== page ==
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Three very special beers that I got to try in London. Ones based on stuff I've found in the archives. Other than that, they had little in common.

First was Devil's Backbone London Dark Lager, based on a Barclay Perkins recipe from the 1930's. You must have heard of it. I've been banging on about it for months. It's the beer I helped brew while in the USA in May. If I'm honest, the chance of trying it was one of the reasons I went to the GBBF.

First thing I did, once inside the hall, was to ask at the US cask bar when it would be on.

"There's a tick against it, so it'll be on at opening time."

Music to my ears. There was my first pint decided. "First pint? You drink pints at a beer festival?" I hear you ask. Yes. I do. Not only because of my hollow legs. Also because of my aching legs. I hate having to fetch beer every 5 minutes. And a half pint doesn't give most lower-strength beers a fair chance. The only time I regret it is the odd occasion I get a duff beer. This year, my only half was the only crap beer I had. Must be ESP.

Despite the distance it had travelled, the Dark Lager was in wonderful condition. Throwing itself into the glass, it formed an attractive, fine-beaded head. The taste was roastier than a Munich Dunkles and a little bitterer. Nowt wrong with that. It never claimed to be in the Munich style, just dark. A beer I'd definitely drink again. Come to think of it, I did. I slipped back for another pint later.

I gave the GBBF a miss on Saturday and headed instead for South London. The Anchor Bankside, Market Porter and Royal Oak were all hit until they couldn't get up any more.

Dropping by Kernel fitted in perfectly with the crawl. I fancied trying their 1890 Export Stout on draught and Evin had kindly invited me along. Black, with a fine tan collar, it didn't disappoint. I love the London Porter taste. The complex mix of coffee, mocha, cocoa and chocolate that brown malt brings to the party and generously hands around all those present. The Stout had the London taste in spades, clubs, hearts and diamonds. Lovely, lovely stuff.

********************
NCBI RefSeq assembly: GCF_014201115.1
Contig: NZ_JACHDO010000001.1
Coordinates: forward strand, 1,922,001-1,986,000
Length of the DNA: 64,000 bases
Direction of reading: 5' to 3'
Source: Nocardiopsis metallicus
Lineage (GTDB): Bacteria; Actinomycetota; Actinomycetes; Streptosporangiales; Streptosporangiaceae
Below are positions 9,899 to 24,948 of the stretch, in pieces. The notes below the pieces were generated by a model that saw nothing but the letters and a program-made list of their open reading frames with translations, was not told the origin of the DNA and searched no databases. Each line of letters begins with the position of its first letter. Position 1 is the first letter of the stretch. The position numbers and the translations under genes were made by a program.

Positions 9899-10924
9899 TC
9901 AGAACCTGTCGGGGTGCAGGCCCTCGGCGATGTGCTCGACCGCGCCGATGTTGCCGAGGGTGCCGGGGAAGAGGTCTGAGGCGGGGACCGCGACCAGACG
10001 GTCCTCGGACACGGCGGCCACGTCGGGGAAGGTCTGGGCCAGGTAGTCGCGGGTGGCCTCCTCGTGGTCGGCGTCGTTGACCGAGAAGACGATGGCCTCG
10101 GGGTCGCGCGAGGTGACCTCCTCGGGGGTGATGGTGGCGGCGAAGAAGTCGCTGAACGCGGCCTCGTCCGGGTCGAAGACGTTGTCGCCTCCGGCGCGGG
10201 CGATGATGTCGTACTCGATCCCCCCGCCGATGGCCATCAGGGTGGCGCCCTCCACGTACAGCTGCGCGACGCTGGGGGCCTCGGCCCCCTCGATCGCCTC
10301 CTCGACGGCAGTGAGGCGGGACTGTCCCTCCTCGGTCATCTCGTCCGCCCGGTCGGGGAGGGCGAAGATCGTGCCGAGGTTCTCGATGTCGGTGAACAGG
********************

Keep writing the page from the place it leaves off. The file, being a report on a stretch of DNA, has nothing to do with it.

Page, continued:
Delightfully quirky place, Kernel, in a tunnel-like railway arch that stretches all the back to France. I'd like to have spent longer there, but Mike has itchy feet. He couldn't wait to visit the Royal Oak after all the glowing reports he'd heard of it.

The Royal Oak provided one of the best pints of the trip. A maniacally suicidal one that repeatedly surged down my throat before I could stop it. Drinkability cubed. Yet some wankers whine: "How can a Mild be the best beer in Britain?" Tossers who think anything under 5% ABV is worthless. The blinkered prejudice of geeks is as annoying as it's depressing. Beer is not safe in their hands.

Sunday was reserved for Greenwich. A couple of pubs, a roast dinner and a visit to The Old brewery to try their Royal Wedding beer, Lovibond's XXXX. Rod Jones, the brewer, had kept back a couple of bottles for me to try. Turned out that he'd also discovered a forgotten keg, giving me the chance to try it draught and bottled.

We kicked off with the draught. It looked a treat, with it's fine carbonation and pale hue. Surprisingly dry, the malt was the potatoes to the hops meat. Using American hops as early additions for bittering transforms their character. (Though this is how they were intended to be used. C hops like Cascade were bred for big brewers wanting more alpha acid for their buck.) Just a hint of fruit subtly strumming rhythm guitar behind a screaming wail of bitterness. Not what I'd expected, but dead tasty. And scarily drinkable for its 10% ABV.

The bottled version was sweetier, maltier and more rounded, but with the American hops still playing their unfamiliar tune. The drinkabilty was still there, sitting comfortably at the table with its hat and shoes off. I'm so glad I brought a couple of bottles home with me to brighten some gloomy winter night.

Three special beers now with special memories to match. I'm a lucky git.